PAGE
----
In early 2011, Robin and Pierre Devaux traded in their corporate jobs for a couple of backpacks and
hit the road. They spent the next eleven months visiting and sampling the local beers of 24 countries on five continents. This essay is an excerpt on how their big trip and career sabbatical changed their lives.
Robin and Pierre will be speaking at the 2012 Meet Plan Go event in San Francisco on October 16 as a part of an evening to teach travelers how to take their big trip.
While our Big Adventure affected us both in so many ways, perhaps the biggest impact is that I feel I have taken control of my life. I was able to live the dream of long-term travel that I’d had for so long, while also taking the time to reassess what I wanted when I came home. And I have no regrets.
“Did our Big Adventure work? Did we experience the elation of absolute freedom for a year? Did we learn more about ourselves, what we wanted from life, and what was really important? Did we hit the “reset” button? Yes.
After I quit my job and we hit the road, it took me a couple of months before I was able to stop keeping one ear attuned to the sound of my phone alerting me of an email; before I could realize that no one was going to demand that I stop what I was doing and pay attention to them and their problem. Slowly, though, I was able to relax and relish having each day to myself, to do with whatever I pleased. The only responsibility we had was making sure we had a roof over our heads and food on our plates every day. The rest was details.
But as much as I enjoyed being on the road, rootless, the idea of establishing a place of our own back home began to sound more and more appealing as the months went by. Perhaps it was because we were wandering for so long, or perhaps I just grew up a little, but the desire to buy a house and, yes, to have a baby kicked in as it never had before. By the time we got home and settled back in, I felt ready not only to go back to work, but also to buy a house, get a dog, and have a kid or two. It was as if our year of travel had jolted me from a sense of complacent discomfort to a readiness for adulthood and reality (or whatever you want to call it).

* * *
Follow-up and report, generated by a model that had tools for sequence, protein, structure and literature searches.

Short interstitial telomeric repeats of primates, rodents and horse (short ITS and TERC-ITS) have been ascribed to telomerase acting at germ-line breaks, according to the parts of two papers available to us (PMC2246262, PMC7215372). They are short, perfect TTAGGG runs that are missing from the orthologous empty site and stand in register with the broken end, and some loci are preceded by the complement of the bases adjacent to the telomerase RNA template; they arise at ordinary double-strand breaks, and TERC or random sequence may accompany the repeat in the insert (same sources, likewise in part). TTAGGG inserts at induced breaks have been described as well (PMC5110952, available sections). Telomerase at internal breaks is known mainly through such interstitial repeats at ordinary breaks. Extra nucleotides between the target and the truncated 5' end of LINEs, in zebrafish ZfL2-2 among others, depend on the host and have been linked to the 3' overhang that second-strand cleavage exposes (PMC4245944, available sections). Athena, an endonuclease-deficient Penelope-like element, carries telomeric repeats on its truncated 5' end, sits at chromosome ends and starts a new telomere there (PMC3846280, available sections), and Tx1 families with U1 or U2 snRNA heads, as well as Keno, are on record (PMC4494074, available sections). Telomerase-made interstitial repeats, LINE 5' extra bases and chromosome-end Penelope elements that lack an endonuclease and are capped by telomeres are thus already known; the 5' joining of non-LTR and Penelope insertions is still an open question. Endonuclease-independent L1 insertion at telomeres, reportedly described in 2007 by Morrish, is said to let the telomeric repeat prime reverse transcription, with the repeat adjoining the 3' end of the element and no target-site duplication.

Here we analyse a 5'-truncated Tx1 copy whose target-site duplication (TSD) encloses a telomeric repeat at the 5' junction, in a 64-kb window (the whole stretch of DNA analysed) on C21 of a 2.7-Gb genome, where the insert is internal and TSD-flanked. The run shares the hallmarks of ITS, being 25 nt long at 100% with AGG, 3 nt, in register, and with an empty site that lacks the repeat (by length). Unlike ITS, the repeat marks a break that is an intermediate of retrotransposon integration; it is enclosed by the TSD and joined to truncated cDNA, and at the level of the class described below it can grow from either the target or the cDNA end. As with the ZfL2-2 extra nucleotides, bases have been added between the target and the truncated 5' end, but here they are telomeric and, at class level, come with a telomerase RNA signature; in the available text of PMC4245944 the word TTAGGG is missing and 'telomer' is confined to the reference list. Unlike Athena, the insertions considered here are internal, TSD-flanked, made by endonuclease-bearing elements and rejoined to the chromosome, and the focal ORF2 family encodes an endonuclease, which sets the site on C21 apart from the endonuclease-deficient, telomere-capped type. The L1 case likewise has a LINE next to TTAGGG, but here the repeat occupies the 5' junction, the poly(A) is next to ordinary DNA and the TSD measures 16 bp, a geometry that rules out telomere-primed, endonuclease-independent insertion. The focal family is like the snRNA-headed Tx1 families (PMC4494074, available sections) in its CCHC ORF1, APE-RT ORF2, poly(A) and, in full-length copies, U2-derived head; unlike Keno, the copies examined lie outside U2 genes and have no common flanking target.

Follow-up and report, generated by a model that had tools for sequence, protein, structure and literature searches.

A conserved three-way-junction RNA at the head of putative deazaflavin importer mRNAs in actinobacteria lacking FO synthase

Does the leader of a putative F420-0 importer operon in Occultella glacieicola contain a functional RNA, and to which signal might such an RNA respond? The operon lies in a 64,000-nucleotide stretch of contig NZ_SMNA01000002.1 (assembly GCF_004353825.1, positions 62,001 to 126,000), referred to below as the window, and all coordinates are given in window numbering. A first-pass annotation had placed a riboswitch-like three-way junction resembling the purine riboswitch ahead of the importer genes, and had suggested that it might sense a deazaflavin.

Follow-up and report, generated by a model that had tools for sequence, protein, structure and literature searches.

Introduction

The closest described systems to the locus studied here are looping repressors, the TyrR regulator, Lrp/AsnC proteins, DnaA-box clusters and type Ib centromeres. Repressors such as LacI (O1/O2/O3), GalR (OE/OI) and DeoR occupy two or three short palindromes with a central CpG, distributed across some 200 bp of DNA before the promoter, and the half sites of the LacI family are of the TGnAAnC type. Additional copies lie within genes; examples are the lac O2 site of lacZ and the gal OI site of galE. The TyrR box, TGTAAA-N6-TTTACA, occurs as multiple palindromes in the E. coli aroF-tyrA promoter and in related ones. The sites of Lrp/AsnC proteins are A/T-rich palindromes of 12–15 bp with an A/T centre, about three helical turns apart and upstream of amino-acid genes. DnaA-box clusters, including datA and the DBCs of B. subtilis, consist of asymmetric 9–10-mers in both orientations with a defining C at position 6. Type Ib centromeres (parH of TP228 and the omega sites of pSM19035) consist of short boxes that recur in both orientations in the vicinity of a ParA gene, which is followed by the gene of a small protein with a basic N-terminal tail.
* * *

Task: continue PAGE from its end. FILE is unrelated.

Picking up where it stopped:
Quitting my job before we left home also forced me to consider what I really wanted next in my career…No matter what I ultimately decided to do, it is undeniable that taking a year off from working really did serve to reset my mentality. While I wouldn’t call our Big Adventure a “vacation,” it was a break, and it was refreshing in its own way. I was a very, very stressed person before we left. I had some idea of that, but I didn’t comprehend just how stressed until I was able to look at my life in the rearview mirror. By comparing my unhealthy prior self to my saner, more relaxed traveling self, I realized both that the break was accomplishing one of its purposes and that I needed to never let myself get sucked under again.
While I reassessed my career during the break, I certainly did not reassess my marriage – not in a bad way, anyway. I thought I knew pretty much everything about Pierre after all of these years, but traveling the way we did for as long as we did taught me so much more – and I loved it. Sure, there were a few bumps along the way, but I have no doubt that we’ve emerged from this trip as a stronger, more grounded, more in love couple.
So yes, it worked. We recharged our batteries, we grew closer to each other, and we figured out what our next career steps would be. And I’m not even going to get into the things we learned, the sights we saw, and the perspectives we gained.
One of my favorite things I’ve seen recently is the Holstee manifesto, which is all about finding purpose and taking charge of your life. Perhaps not surprisingly, the line I found most relevant and instructive was this one: “Travel often. Getting lost will help you find yourself.” I couldn’t have said it better myself.”
Republished with permission from Robin and Pierre’s blog “Traveling Bones“